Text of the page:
Category Archives: Gaming

Mr. Smith’s Game 2.0

Gee, that was fast wasn’t it? A whole new version complete with a new, huge level in what, minutes? Well, no it didn’t really happen that fast. I’ve had version 2 done for a while but this is its big Internet debut! In fact, some of my students found a few programming errors here and there so I’ve actually had to update it three times to version 2.03.

Without revealing too much, if you still have a save file from version 1.0 just copy that file into the 2.0 folder and you should be good to go. A few things have changed from 1.0 (like the bats have been replaced by owls), but nothing major (the bats are still included in the game…). Anyway, for those of you who don’t remember where you left off here’s a clue: go to the Trapper’s hut in the center of the forest. The next level starts there. Oh, and I’d stock up on some Bread and especially Antidotes while I was there…

Anyway, have fun! I certainly did in making it. This new area that’s now open to you is pretty big. You might want to make a map to help you navigate around. It can be a bit tricky. Oh, and there are a total of three ways “out” besides the exit. You’ll know what I mean.

Version 3 is already in the works. I already have my maps sketched out and plans made for what it will be like. So far, I’m pleased, but you’ll have to wait a while for it as it contains probably 12-15 maps and only one is close to complete. There’s never enough time to do all the things you want!

Enjoy and leave me comments here about your conquests! Be sure to check back periodically for updated versions. Oh, at a minimum to play it you’ll need to install the Runtime Package (RTP) on your computer. You only need to install this once, so if you already have it, you’re good to go!

Advertisements

Mr. Smith’s Game 1.0

In my spare time I have dabbled with the RPG Maker series from EnterBrain. My favorite iteration was RPG Maker XP which I liked so much that I purchased it.

Well, I made a game of sorts several years back. Now, it has basically no story and no true ending, but the first two levels are more or less complete. And I’m proud of it. I had a lot of fun making it and my students have had a lot of fun playing their way through it too. I guess it would take about 45 minutes to work your way through the entire story getting all the items if you don’t escape from very many battles. And you shouldn’t, anyway. The boss in the forest really requires a certain amount of leveling up (and a certain equipped item doesn’t hurt) to beat.

So, without further adieu I present Mr. Smith’s Game 1.0! (I’ve got to come up with a better title later.) Oh, at a minimum to play it you’ll need to install the Runtime Package (RTP) on your computer.

Enjoy and leave me comments here about your conquests! Also, be on the lookout for updated versions in the future.

Question Review with Jenga and Bandu

www.flickr.com/photos/24348079@N00/306430750
Call it what you will whether Tumbling Tower, Falling Blocks, Jenga, or Ta-Ka-Radi you can use this simple and inexpensive game to keep players motivated during a review session. In Jenga, the goal is to remove a block from the tower and stack it on top without making the tower fall. When using this game for review, the number of players doesn’t matter and neither does the content of the questions being asked. It’s quite versatile. I hope your players enjoy it as much as my students.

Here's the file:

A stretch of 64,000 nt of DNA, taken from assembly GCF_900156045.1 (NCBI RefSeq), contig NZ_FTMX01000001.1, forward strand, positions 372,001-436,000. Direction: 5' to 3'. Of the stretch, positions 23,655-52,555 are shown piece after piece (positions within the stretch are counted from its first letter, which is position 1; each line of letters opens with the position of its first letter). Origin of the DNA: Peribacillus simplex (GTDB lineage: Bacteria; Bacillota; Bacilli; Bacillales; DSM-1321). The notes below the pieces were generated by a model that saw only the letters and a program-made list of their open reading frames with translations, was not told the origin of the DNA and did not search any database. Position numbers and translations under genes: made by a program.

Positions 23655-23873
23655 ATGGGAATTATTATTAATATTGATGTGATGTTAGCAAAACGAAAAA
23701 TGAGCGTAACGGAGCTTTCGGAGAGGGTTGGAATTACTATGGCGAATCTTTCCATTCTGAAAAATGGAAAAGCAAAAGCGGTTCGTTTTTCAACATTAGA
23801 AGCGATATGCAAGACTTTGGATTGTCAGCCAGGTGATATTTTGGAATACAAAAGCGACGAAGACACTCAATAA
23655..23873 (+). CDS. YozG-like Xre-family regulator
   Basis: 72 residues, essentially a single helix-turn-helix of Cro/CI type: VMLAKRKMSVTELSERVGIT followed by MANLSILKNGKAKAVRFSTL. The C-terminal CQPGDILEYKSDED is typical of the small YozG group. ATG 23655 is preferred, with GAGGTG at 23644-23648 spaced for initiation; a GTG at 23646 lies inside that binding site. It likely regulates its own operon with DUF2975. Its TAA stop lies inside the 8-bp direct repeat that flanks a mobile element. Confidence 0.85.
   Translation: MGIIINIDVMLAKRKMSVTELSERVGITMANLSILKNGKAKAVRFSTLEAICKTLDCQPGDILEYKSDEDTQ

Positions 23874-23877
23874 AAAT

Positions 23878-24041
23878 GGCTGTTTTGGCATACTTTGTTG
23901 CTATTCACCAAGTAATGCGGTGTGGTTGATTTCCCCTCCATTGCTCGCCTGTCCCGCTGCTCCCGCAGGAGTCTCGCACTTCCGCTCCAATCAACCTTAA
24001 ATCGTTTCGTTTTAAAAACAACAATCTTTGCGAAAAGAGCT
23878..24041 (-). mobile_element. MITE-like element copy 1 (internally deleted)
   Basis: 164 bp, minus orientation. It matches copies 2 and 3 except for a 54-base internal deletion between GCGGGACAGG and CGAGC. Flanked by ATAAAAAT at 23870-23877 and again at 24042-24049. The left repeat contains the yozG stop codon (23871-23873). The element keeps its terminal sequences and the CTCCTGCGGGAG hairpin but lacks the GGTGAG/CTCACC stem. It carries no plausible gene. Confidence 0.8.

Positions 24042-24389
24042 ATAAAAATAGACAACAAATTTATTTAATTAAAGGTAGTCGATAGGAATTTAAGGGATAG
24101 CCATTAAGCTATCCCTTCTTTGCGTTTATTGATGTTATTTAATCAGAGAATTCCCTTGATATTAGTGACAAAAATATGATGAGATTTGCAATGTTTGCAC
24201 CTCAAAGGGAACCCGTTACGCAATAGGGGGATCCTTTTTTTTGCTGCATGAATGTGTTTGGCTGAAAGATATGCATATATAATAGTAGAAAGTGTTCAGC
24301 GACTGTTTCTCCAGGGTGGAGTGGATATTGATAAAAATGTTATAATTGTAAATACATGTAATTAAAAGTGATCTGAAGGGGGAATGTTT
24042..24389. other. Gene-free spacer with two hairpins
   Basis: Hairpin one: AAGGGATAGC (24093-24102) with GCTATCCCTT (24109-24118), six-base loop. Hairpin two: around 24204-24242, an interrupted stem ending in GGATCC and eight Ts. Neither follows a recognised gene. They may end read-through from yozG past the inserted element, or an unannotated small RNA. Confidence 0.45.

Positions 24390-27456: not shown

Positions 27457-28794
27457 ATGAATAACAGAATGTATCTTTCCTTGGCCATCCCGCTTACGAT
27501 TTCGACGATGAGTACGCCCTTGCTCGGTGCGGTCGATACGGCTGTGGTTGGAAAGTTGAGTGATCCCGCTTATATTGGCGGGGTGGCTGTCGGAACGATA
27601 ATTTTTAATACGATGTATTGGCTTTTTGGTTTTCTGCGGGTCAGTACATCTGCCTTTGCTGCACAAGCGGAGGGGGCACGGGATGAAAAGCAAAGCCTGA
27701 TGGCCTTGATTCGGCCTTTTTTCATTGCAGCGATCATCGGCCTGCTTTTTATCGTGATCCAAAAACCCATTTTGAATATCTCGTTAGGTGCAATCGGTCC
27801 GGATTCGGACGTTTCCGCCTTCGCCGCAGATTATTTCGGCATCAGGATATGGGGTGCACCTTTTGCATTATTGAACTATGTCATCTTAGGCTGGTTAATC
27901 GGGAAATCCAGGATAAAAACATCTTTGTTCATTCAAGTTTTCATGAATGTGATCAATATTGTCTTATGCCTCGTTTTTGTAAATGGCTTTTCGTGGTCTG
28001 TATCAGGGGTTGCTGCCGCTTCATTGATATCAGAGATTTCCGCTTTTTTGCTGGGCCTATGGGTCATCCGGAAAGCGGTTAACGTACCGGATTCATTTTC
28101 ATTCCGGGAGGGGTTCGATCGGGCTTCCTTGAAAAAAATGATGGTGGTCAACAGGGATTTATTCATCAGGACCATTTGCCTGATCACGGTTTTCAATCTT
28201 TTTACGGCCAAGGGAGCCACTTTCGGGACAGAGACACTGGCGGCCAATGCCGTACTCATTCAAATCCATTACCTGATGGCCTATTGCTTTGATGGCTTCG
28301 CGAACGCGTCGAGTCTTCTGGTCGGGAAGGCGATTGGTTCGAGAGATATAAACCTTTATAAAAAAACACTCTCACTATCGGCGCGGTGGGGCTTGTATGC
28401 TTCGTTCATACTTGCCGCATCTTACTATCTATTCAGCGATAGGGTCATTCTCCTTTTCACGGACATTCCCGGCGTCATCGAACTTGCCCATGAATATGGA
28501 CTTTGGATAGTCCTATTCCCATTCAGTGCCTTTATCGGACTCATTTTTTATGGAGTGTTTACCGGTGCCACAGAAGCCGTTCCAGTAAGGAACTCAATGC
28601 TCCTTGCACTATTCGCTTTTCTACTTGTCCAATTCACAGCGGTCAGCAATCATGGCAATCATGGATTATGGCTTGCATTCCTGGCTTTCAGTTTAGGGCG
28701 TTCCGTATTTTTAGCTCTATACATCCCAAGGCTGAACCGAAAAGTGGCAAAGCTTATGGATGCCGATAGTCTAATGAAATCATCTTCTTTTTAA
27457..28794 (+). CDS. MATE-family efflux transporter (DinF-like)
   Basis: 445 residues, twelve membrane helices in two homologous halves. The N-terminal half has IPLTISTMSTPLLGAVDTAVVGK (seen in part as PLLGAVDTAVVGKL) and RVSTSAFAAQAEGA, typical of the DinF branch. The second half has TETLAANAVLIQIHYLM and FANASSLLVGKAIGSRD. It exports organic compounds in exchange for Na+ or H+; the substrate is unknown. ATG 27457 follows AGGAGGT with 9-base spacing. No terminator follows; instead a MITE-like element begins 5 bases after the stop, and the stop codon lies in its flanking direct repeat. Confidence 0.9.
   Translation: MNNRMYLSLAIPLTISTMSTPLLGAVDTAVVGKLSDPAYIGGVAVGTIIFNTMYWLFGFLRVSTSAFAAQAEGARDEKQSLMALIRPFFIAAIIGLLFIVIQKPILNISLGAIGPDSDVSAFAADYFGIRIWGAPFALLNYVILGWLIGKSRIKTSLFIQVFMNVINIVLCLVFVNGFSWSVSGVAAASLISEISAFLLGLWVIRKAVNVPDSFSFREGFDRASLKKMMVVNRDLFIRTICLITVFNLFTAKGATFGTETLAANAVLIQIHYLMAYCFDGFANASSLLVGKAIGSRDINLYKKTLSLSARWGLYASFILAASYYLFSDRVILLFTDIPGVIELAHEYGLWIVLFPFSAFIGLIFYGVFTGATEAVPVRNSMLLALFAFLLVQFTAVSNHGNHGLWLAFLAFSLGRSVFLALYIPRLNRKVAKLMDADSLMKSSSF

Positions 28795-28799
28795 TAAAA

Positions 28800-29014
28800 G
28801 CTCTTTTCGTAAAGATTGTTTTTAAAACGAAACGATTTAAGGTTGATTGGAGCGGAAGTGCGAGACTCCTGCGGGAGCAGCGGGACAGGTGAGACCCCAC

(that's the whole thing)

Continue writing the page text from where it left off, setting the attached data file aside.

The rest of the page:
You can also use a kind of reverse-Jenga game called Bandu (published by Milton Bradley and based on a game calls Bausack). In Bandu, the goal is to build a tower on a base using pieces that are all differently shaped. The wooden pieces range from “normal” shapes like rods, beams, cones, and hoops to “unusual” shapes like trapezoids, cut cylinders, a goblet, and even an egg! Players take turns choosing a random building piece that they must integrate into their tower without making it fall. The winner is the player (or team) with the last tower standing.

Jenga Rules

  • Split players into teams.
  • Ask questions of individual players on teams in rotation so that everyone has a chance to answer.
    • Team A’s Player 1, Team B’s Player 1, Team C’s Player 1, THEN Team A’s Player 2, Team B’s Player 2, Team C’s Player 2, THEN Team A’s Player 3, etc.
  • Students who INCORRECTLY answer a question must remove a block. The block removed must be below the top-most completed layer of the tower.
  • Students who CORRECTLY answer a question choose a person from another team to remove a Jenga block. The block removed must be below the top-most completed layer of the tower. No one can be chosen more than 3 times in a row.
  • The winning team is the one that causes a player from another team to knock over the tower.

Bandu Rules

  • Split players into teams.
  • Ask questions of individual players on teams in rotation so that everyone has a chance to answer.
    • Team A’s Player 1, Team B’s Player 1, Team C’s Player 1, THEN Team A’s Player 2, Team B’s Player 2, Team C’s Player 2, THEN Team A’s Player 3, etc.
  • Students who INCORRECTLY answer a question must choose a piece randomly and integrate it into the team’s tower. No one can be chosen more than 3 times in a row.
  • Students who CORRECTLY answer a question choose a person from another team to integrate a random piece into their team’s tower.
  • The winning team is the one that causes a player from another team to knock over the tower.

Photo courtesy of www.flickr.com/photos/24348079@N00/306430750

Inexpensive Interactive Whiteboards are Coming